Baltimore’s focus for visitors is the revitalized, pedestrian-friendly Inner Harbor, with its waterfront promenade and surrounding central business district.
On the water is Baltimore’s gleaming pyramid-shaped National Aquarium, one of the city’s most popular attractions.
Nearby Harborplace, a former power plant on the harbor’s north-west corner, is the focus of the pedestrian promenade, lined with restaurants and shops.
To get a sense of Baltimore’s centuries of seafaring history, visit the Maritime Museum on the harbor for a cruise on a historic submarine, sloop or coast guard cutter.
This cozy neighborhood is located in downtown Baltimore in between the Inner Harbor and historic Fells Point. Millions of people visit Little Italy every year, and when they come, they eat well. The neighborhood is loaded with family-owned restaurants, serving dishes, they say, just like mamma used to make.
Little Italy is also known for its festivals and neighborhood events. From bocce ball games and tournaments to outdoor movies and pasta dinners, the neighborhood calendar is always busy. Don’t want to worry about a schedule? Its narrow streets are nice for strolling without a plan.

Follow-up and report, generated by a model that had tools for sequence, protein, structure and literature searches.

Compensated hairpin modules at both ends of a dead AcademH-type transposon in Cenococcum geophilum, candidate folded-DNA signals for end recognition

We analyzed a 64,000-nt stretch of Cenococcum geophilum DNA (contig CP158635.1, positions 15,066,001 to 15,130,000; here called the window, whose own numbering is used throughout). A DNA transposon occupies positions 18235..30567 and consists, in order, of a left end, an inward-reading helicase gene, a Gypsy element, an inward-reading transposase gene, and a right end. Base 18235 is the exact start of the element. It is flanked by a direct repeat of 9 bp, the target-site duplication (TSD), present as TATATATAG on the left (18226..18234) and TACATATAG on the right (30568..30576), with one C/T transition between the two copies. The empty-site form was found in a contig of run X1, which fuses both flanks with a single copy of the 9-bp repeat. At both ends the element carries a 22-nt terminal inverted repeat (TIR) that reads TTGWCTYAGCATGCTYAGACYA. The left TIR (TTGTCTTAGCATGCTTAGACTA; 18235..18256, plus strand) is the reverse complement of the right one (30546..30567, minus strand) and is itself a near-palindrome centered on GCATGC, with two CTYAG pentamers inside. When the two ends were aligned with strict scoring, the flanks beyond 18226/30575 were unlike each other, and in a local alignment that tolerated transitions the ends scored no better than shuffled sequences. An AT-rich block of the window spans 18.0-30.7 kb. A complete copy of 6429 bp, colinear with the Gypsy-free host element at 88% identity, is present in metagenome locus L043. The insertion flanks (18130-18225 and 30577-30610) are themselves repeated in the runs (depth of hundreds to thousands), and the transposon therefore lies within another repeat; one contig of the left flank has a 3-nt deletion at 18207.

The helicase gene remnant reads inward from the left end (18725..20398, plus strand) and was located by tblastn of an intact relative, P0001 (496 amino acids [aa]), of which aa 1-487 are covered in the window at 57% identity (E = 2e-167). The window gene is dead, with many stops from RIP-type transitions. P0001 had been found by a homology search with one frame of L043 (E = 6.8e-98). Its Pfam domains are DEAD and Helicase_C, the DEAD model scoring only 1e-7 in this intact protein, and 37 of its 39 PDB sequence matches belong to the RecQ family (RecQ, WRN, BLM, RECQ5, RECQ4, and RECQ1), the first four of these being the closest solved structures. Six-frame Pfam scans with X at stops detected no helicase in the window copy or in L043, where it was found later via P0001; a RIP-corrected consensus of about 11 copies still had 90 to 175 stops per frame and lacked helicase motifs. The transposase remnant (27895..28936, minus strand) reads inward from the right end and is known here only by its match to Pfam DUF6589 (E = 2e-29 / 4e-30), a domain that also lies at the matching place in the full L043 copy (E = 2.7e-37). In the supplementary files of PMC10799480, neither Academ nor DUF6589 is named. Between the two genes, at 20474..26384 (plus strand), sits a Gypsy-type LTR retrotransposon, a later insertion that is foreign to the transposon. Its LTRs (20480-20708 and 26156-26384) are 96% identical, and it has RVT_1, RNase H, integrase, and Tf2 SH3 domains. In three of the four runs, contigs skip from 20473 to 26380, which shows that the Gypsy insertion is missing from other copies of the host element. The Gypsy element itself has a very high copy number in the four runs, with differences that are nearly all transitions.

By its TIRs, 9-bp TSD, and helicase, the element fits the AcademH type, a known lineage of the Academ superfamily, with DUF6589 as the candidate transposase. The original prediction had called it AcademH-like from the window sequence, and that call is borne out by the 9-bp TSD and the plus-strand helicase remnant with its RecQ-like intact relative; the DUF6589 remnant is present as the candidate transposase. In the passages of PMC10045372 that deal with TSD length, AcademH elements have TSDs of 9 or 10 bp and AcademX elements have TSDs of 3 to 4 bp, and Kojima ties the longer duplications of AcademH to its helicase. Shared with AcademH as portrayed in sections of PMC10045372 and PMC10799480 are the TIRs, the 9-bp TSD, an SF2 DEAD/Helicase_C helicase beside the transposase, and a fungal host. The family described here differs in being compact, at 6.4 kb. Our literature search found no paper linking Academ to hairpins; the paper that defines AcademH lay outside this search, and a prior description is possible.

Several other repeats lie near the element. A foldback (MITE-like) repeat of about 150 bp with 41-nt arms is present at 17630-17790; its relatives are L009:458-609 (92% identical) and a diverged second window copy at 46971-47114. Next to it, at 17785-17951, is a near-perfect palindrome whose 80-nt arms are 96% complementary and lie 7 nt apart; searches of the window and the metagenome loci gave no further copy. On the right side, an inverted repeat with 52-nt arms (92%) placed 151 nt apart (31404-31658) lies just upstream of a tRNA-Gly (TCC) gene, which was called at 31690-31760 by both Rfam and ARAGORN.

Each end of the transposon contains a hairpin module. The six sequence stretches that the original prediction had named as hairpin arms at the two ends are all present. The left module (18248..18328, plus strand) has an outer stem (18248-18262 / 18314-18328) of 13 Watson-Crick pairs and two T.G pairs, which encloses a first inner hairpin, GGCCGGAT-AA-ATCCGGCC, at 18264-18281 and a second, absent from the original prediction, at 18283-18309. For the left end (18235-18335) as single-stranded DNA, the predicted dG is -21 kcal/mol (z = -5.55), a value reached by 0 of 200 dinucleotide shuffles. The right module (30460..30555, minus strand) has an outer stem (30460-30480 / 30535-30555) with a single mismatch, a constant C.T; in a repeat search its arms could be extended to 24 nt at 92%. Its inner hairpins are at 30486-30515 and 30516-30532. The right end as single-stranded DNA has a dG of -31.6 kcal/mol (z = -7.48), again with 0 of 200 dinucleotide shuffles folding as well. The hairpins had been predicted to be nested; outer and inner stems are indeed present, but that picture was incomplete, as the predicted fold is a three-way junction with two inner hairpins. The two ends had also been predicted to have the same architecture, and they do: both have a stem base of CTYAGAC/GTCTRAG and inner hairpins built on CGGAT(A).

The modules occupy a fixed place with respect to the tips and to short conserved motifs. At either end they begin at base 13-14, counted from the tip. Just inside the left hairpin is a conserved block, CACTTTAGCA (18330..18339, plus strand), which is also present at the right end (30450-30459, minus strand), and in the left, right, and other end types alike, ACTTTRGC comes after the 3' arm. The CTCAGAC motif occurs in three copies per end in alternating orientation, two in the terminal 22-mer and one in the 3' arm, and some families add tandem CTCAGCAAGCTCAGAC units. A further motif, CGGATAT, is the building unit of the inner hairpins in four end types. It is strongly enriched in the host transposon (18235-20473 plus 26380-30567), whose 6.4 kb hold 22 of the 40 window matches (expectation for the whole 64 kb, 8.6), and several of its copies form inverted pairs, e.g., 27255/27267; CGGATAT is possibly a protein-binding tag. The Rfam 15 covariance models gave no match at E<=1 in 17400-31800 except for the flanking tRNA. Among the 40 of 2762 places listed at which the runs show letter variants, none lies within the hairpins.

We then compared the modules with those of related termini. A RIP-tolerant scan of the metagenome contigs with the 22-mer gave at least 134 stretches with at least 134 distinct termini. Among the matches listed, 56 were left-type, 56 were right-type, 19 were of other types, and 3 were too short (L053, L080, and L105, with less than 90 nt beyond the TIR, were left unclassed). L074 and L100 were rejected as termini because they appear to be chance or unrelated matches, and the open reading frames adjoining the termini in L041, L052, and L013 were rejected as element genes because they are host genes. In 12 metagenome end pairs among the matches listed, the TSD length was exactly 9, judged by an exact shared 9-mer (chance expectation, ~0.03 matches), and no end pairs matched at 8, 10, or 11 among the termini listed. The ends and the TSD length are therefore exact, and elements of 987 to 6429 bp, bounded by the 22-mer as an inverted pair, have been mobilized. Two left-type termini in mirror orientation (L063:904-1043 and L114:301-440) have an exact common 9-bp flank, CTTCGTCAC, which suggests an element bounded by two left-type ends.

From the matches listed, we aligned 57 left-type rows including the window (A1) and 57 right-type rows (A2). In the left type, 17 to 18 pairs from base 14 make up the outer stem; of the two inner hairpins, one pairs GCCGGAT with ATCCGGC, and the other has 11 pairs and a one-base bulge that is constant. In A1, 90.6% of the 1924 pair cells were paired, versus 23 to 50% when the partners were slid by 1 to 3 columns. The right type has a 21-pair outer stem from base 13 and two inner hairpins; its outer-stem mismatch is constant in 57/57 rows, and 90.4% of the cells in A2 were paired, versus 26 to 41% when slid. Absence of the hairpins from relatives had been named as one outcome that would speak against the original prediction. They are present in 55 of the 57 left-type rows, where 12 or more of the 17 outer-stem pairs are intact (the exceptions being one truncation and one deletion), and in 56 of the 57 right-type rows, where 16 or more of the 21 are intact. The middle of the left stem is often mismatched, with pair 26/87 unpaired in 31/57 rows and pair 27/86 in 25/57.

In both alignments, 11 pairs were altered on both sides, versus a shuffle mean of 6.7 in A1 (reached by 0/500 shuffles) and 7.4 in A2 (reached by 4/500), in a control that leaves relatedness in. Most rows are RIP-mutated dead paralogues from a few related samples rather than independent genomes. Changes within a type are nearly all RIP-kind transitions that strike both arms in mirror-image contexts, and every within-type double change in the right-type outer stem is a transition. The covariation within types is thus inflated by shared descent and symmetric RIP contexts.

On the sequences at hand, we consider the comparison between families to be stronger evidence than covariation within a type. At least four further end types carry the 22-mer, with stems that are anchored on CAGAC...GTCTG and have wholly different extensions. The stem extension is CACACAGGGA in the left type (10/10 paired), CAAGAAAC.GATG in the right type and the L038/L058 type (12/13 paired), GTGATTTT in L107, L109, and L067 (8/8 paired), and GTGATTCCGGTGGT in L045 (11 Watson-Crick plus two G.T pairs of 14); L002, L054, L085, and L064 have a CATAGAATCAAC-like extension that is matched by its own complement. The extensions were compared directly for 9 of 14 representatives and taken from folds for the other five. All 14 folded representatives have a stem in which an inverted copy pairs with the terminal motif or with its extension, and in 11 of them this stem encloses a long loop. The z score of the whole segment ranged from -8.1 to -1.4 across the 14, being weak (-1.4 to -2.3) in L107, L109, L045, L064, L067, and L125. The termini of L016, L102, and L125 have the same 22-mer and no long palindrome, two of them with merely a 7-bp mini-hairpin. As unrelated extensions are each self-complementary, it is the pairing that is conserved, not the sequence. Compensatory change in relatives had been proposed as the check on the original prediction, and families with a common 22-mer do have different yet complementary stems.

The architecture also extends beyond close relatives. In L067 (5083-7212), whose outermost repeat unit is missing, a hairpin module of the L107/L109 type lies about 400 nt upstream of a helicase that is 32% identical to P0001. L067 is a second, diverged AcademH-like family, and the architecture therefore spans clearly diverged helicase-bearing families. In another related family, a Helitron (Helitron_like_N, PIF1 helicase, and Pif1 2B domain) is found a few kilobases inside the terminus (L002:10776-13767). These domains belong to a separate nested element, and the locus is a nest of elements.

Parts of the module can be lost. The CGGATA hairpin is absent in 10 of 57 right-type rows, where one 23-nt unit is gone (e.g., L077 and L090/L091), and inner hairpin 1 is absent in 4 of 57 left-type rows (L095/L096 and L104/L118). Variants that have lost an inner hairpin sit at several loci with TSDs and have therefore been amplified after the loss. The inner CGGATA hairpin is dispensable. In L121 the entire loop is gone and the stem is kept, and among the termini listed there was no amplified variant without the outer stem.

Cobbled streets and a waterfront setting make Fell’s Point and Canton must-see locations in Baltimore.
Fell’s Point’s focus is Market Square, its 18th-century buildings now home to boutiques and restaurants. Historic pubs are a particular feature of this inner-city enclave, numbering more than 120, and the waterfront here has a salty maritime flavor for promenades and city views.
Neighboring Canton also has a central square, Canton Square, a patch of green surrounded by more sophisticated restaurants, galleries and shops.
In 1814, when the British Navy sailed up the Potomac to set Washington DC alight, they didn’t pass far from the site where the Calvert Marine Museum sits today. While that was one of the Chesapeake Bay’s more dramatic historical events, the entire maritime heritage of the region is on display at this family friendly museum. Here in the riverfront town of Solomons, visitors can learn the about coastal species such as skates, otters, and rays, or watch as coastal paleontologists help to clean and classify fossils. Take a walk through the “living classroom” at the museum’s coastal salt marsh, where children can learn about the marine ecosystem and everything that helps it to thrive. Crafters can stop in the wood carving shop to see exquisitely intricate boat models, or sailors can tour the Patuxent Small Craft Center with its collection of classic boats.